Windsor Police Department collects record 248 pounds of prescription drugs during take-back day
May 6, 2014
In its most successful effort ever, the Windsor Police Department collected 248 pounds of prescription drugs during National Prescription Drug Take Back Day on April 26.
Windsor Police Chief John Michaels said the previous best was 176 pounds six months ago, but the new numbers shattered that record.
The police teamed up with the Drug Enforcement Agency in an effort to remove potentially dangerous controlled substances from the Windsor community.
For four hours on April 26, the public had the opportunity to turn in expired, unwanted or unused pharmaceutical controlled substances and other medications to the Windsor Police Department, 200 11th St., in Windsor to be destroyed. The program provides a safe collection site for anyone turning in the medications.
The program also ensures that the medications will be properly destroyed by the DEA, preventing them from entering the water system and landfills, and also removes the threat of them being stolen and used illegally.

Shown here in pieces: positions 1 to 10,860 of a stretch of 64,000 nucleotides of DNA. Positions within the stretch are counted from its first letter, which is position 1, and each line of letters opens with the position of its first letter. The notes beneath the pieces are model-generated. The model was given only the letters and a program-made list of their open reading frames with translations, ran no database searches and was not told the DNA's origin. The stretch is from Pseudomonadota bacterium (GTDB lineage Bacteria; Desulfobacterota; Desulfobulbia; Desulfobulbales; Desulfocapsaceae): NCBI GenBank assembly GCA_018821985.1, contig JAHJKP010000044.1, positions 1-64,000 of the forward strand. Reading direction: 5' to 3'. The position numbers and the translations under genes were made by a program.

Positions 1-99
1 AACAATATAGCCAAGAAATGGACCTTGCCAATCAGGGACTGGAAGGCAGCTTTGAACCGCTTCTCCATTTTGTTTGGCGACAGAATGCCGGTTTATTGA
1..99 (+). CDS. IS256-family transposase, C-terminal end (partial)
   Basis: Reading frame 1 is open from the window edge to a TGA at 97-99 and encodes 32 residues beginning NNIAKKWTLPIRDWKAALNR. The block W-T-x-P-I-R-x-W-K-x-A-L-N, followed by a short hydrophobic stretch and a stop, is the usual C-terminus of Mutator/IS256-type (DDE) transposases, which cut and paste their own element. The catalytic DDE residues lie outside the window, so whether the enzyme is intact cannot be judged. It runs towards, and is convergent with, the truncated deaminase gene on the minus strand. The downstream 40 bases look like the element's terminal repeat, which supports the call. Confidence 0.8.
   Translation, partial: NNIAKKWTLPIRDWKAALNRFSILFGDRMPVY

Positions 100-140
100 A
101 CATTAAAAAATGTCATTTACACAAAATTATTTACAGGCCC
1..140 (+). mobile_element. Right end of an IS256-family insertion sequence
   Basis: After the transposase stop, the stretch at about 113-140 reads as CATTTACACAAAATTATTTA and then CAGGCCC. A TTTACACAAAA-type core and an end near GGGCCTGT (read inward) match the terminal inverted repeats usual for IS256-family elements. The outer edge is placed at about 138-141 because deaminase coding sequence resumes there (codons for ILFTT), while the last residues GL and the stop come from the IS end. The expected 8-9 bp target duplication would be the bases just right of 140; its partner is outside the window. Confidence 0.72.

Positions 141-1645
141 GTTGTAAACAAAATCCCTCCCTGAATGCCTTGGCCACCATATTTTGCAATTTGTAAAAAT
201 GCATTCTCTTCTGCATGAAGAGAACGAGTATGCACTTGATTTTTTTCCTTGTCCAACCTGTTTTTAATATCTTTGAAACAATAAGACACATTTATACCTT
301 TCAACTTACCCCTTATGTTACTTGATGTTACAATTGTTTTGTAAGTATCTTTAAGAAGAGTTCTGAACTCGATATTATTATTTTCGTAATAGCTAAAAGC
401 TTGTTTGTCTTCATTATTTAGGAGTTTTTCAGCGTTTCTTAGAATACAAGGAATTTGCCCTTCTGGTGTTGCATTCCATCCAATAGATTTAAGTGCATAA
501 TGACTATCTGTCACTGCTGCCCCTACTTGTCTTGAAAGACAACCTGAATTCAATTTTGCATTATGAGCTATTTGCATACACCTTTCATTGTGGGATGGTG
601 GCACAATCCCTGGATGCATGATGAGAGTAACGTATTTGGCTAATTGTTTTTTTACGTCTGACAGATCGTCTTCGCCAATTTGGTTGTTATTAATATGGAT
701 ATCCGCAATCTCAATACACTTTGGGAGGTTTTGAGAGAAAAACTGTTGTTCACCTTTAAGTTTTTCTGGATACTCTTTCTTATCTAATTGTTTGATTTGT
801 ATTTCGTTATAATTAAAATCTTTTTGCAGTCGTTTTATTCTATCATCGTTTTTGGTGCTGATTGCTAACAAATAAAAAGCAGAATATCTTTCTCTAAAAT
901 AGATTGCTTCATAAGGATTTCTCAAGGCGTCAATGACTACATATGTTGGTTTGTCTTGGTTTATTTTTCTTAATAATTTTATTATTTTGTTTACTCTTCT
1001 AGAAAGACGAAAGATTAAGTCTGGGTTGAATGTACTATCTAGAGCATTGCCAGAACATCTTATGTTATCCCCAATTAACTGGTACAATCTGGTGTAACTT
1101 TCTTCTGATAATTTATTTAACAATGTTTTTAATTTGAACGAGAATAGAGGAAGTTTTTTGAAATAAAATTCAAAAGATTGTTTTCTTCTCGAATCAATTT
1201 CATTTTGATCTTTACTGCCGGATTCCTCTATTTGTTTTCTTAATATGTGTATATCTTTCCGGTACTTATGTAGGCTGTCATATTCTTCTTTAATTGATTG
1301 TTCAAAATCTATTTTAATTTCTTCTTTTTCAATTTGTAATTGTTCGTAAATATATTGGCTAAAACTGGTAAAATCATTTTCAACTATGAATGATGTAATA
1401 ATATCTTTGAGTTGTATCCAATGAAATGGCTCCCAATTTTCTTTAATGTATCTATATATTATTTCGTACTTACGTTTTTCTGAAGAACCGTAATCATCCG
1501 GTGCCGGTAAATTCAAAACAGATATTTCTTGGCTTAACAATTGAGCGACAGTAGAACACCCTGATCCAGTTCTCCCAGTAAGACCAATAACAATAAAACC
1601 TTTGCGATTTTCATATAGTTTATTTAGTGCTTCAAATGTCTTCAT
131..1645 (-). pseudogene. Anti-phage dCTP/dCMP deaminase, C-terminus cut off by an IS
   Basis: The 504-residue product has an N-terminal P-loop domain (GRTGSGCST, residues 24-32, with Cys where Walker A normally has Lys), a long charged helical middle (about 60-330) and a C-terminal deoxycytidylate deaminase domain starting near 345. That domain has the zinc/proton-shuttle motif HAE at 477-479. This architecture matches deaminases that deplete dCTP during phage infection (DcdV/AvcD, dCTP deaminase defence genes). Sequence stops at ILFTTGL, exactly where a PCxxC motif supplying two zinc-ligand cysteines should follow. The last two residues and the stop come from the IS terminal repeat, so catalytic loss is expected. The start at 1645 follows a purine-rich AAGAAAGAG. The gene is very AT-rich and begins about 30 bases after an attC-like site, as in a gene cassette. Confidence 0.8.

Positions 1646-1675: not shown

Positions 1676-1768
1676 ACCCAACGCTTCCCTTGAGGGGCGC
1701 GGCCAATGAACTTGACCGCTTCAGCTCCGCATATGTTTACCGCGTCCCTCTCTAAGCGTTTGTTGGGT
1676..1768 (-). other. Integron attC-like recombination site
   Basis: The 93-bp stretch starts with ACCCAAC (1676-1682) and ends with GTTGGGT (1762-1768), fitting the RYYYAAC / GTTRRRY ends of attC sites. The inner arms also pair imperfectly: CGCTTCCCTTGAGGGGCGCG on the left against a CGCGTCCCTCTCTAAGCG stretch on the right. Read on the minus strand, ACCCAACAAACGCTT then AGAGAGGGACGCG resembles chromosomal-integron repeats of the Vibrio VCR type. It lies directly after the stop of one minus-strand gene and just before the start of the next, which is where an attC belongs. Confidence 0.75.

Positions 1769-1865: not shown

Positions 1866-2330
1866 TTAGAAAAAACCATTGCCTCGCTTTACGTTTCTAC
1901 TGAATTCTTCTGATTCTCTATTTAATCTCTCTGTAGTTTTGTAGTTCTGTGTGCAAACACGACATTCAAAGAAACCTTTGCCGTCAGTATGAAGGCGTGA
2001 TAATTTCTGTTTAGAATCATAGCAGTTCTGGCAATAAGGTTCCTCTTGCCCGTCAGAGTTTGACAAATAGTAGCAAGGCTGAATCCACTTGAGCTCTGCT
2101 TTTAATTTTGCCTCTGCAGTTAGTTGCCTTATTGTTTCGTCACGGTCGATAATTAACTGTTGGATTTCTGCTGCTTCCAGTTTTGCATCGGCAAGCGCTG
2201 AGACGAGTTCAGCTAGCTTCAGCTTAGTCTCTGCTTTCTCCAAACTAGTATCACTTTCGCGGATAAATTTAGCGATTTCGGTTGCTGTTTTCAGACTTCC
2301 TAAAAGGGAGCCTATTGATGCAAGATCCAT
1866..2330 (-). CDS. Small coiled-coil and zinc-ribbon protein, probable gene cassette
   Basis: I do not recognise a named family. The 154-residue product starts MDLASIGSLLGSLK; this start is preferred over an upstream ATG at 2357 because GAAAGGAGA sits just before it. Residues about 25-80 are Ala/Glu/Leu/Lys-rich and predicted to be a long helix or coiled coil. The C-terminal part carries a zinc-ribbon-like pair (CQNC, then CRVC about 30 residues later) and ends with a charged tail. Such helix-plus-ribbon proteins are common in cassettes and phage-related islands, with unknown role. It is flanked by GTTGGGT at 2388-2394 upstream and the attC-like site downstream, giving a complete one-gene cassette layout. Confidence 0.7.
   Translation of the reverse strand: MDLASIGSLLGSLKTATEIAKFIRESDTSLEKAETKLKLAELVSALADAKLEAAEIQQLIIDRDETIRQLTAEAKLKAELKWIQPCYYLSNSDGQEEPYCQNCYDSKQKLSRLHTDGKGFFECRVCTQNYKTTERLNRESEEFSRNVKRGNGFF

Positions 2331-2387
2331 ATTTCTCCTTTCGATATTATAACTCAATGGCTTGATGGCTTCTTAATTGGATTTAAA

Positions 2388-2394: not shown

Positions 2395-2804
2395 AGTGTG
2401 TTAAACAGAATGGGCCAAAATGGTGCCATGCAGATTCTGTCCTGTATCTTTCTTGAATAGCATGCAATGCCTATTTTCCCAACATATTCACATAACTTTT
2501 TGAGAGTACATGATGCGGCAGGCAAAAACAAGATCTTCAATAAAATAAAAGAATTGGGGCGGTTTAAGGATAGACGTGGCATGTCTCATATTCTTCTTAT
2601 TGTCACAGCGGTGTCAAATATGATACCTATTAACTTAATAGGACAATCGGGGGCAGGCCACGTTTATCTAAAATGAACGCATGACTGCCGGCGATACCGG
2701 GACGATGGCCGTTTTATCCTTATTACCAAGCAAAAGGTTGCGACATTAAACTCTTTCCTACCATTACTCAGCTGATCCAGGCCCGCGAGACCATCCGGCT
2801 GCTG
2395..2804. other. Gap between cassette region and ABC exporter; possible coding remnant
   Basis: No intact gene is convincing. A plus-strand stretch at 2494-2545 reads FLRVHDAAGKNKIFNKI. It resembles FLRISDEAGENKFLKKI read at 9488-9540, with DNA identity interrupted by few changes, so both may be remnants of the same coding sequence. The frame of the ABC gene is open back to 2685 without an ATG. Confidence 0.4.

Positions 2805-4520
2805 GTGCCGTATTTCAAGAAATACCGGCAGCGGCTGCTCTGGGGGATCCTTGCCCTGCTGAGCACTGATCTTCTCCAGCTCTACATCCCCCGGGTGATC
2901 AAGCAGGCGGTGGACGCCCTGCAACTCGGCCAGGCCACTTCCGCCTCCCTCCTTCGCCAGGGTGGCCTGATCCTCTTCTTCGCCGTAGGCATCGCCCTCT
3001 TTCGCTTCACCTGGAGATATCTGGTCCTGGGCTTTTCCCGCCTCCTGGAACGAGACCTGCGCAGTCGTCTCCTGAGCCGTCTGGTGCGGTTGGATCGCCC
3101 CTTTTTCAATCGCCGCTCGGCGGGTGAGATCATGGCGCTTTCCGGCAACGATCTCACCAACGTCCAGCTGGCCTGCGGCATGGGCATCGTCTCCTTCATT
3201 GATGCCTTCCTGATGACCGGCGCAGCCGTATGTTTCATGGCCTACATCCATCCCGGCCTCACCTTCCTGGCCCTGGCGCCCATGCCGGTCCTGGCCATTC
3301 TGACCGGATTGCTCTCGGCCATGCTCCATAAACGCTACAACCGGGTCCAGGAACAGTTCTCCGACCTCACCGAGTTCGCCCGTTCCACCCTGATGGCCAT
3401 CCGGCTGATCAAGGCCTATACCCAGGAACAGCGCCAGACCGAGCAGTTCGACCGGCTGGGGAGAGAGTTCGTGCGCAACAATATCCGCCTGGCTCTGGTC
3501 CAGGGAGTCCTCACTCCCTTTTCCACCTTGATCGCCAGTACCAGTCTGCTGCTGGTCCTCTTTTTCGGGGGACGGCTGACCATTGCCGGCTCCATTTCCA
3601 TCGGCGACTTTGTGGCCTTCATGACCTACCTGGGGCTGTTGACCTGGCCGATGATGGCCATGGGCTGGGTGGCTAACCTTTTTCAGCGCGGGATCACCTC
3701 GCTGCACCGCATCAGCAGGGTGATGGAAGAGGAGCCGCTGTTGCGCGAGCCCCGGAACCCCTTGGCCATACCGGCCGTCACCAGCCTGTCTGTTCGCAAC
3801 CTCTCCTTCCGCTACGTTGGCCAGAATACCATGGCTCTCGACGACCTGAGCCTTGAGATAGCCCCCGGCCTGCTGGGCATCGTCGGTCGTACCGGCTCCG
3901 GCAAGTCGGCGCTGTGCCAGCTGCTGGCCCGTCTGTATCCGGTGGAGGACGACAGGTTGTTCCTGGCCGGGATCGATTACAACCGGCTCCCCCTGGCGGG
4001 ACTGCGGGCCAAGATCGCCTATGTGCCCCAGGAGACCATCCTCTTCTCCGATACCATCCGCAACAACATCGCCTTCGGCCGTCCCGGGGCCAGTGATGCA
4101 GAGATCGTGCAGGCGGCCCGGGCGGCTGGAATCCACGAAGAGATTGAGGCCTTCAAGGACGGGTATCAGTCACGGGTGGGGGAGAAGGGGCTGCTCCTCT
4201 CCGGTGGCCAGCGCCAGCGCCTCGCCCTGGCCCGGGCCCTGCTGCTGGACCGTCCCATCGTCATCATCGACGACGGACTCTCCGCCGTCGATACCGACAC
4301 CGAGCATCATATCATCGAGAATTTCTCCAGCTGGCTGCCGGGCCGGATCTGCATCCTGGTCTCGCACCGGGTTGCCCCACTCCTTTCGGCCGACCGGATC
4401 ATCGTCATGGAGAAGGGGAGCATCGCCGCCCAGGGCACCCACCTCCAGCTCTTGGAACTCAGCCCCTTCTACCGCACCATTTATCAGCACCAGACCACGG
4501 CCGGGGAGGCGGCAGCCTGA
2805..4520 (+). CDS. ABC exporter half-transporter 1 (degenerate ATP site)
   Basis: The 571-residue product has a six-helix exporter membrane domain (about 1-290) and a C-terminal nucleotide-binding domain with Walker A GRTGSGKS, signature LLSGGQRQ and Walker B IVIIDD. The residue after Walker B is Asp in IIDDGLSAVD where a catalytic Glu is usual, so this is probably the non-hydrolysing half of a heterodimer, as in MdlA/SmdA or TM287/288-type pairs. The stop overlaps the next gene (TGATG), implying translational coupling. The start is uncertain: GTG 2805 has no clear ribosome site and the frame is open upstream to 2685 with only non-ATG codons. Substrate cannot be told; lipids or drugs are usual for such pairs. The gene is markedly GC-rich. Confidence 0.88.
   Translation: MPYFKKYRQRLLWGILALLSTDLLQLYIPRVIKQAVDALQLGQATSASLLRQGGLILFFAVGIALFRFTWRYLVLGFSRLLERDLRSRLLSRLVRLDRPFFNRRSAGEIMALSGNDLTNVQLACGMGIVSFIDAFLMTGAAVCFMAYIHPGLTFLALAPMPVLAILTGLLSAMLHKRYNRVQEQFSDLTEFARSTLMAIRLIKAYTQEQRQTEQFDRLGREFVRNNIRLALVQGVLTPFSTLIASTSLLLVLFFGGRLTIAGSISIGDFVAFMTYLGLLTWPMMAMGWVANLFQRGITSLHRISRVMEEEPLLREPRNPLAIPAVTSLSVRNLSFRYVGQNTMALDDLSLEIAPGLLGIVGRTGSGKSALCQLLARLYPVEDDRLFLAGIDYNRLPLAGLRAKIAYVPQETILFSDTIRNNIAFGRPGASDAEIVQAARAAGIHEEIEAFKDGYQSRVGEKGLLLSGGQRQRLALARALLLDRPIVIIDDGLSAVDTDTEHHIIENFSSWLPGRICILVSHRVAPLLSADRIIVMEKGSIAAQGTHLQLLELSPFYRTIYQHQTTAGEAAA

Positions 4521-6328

“It’s crucial. We don’t want it through our sewer system into the water system,” Michaels said. “We don’t want them just thrown away and going into the landfills or have somebody steal them, misuse them or abuse them. This is a tremendous program that we have.”
Michaels is confident that the program will continue.
“It’s a program that we’ve done for a little over three years now, and it shows what a need there is in our community to have this and to keep it going,” Michaels said. “All indications are we will continue to do it. It’s run through the DEA, and I think they’re firmly committed to it. Our next one will be in October. Six months ago we got 176 pounds and now we got 248 pounds worth of prescriptions that will be disposed of properly. That is quite the accomplishment.”
Michaels said the record increase this time could be from the tough cold and flu winter.
“Maybe there were a lot of scrips written throughout the winter and not all of them were used up,” Michaels said. “When we did this a couple of years ago I think we plateaued at about 120 or 130 (pounds), and then six months later it was down to 110 and all of sudden we went up to 176 and now we’re at 248. I think it’s advertising and getting the word out that we have this program. People now wait for it.”
Michaels said the day designated by the DEA is the only time the WPD can take the medications from people.
“We cannot randomly accept these narcotics,” Michaels said. “They must hold them until the next date, and we’ll advertise heavily when it is.”